BACHMANN: Well, as many of your viewers know, we are in debt up to our ears to China. Well over $1 trillion we owe to them. That means we're making substantial interest payments to China. When we send our hard-earned money to China, that's our tax money. And what that means is we have less money for our military. And we just saw this year because of the failure of the Super Committee, $1 trillion less will be available for national defense.

When we cut back on national defense a trillion dollars, we are, in effect, sending money over to China in the form of interest. When we send the money over to them, they're able to build their military up. So the greater our debt, the less money on our military, our military goes down. The more money for China, their military goes up. So we actually have the United States taxpayers paying for China's new naval aircraft carrier, new fighter jets, new cyberoptics. This is a very frightening proposition, and it's not good for the security of the American people.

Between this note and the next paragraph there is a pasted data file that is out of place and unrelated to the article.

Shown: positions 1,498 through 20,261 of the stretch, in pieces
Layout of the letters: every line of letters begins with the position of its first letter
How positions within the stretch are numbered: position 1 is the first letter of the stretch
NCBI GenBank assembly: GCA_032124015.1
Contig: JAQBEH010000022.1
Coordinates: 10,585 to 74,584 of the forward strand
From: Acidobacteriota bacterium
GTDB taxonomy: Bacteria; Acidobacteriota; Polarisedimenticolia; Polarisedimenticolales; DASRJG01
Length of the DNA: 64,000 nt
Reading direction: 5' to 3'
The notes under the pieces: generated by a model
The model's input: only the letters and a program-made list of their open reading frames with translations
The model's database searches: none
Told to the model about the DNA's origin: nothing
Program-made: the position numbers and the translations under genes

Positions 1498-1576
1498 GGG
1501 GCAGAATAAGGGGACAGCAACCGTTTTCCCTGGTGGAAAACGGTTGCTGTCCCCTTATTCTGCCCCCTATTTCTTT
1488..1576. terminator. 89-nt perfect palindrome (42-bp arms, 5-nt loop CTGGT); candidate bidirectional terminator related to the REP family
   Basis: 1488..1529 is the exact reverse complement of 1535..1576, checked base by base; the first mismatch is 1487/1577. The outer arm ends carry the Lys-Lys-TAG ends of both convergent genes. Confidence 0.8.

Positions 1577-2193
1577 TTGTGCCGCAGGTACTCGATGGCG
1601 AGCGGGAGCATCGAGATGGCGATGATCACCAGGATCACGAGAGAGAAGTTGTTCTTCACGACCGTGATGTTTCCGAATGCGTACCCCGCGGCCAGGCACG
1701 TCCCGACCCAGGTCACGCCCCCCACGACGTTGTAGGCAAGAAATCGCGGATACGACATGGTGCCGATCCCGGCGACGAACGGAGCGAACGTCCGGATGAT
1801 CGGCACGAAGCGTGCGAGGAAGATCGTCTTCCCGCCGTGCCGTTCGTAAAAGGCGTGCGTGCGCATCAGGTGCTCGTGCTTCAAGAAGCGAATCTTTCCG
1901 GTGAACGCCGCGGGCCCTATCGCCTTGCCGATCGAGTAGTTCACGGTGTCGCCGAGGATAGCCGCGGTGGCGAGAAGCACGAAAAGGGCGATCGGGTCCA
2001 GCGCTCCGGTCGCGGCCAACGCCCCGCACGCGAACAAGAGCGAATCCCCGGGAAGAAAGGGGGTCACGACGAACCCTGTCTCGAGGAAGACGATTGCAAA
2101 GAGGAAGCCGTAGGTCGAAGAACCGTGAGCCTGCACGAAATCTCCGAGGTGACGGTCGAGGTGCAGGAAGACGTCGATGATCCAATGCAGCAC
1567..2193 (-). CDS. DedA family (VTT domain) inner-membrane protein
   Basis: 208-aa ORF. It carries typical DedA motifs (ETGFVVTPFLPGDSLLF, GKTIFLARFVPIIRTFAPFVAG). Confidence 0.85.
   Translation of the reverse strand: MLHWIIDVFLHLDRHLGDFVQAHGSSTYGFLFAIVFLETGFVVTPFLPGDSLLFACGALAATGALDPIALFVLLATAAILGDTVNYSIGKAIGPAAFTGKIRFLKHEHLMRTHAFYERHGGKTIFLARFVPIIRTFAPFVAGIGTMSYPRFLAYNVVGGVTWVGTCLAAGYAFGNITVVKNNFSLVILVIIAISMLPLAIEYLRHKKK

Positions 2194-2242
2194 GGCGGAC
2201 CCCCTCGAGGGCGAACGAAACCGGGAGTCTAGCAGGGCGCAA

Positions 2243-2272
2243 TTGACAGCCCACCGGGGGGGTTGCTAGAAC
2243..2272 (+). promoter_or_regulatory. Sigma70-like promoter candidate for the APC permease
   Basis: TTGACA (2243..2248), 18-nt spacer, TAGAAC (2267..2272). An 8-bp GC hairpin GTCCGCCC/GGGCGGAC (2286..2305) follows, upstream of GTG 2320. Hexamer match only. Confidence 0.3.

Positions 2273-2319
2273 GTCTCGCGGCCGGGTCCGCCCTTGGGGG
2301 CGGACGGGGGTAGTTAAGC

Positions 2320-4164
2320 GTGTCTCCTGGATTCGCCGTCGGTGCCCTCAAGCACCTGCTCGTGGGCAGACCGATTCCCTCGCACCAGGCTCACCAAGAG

MACCALLUM: And we all know now that now that the super-committee has failed, the sequester will go into effect in 2013 and that's going to put a big bite out of our defense budget, as you're just alluding to.

You know, what did you think about what Newt Gingrich had to say, that he would be open to cutting defense because he thinks that, you know, it's reprehensible -- you know, that's my word for -- to sum up what he said -- that it takes 15, 20 years to come up with some of these -- you know, some of these weapons and the whole process of building them. And he thinks it's a wasteful process in some ways. Do you think it's a wasteful process?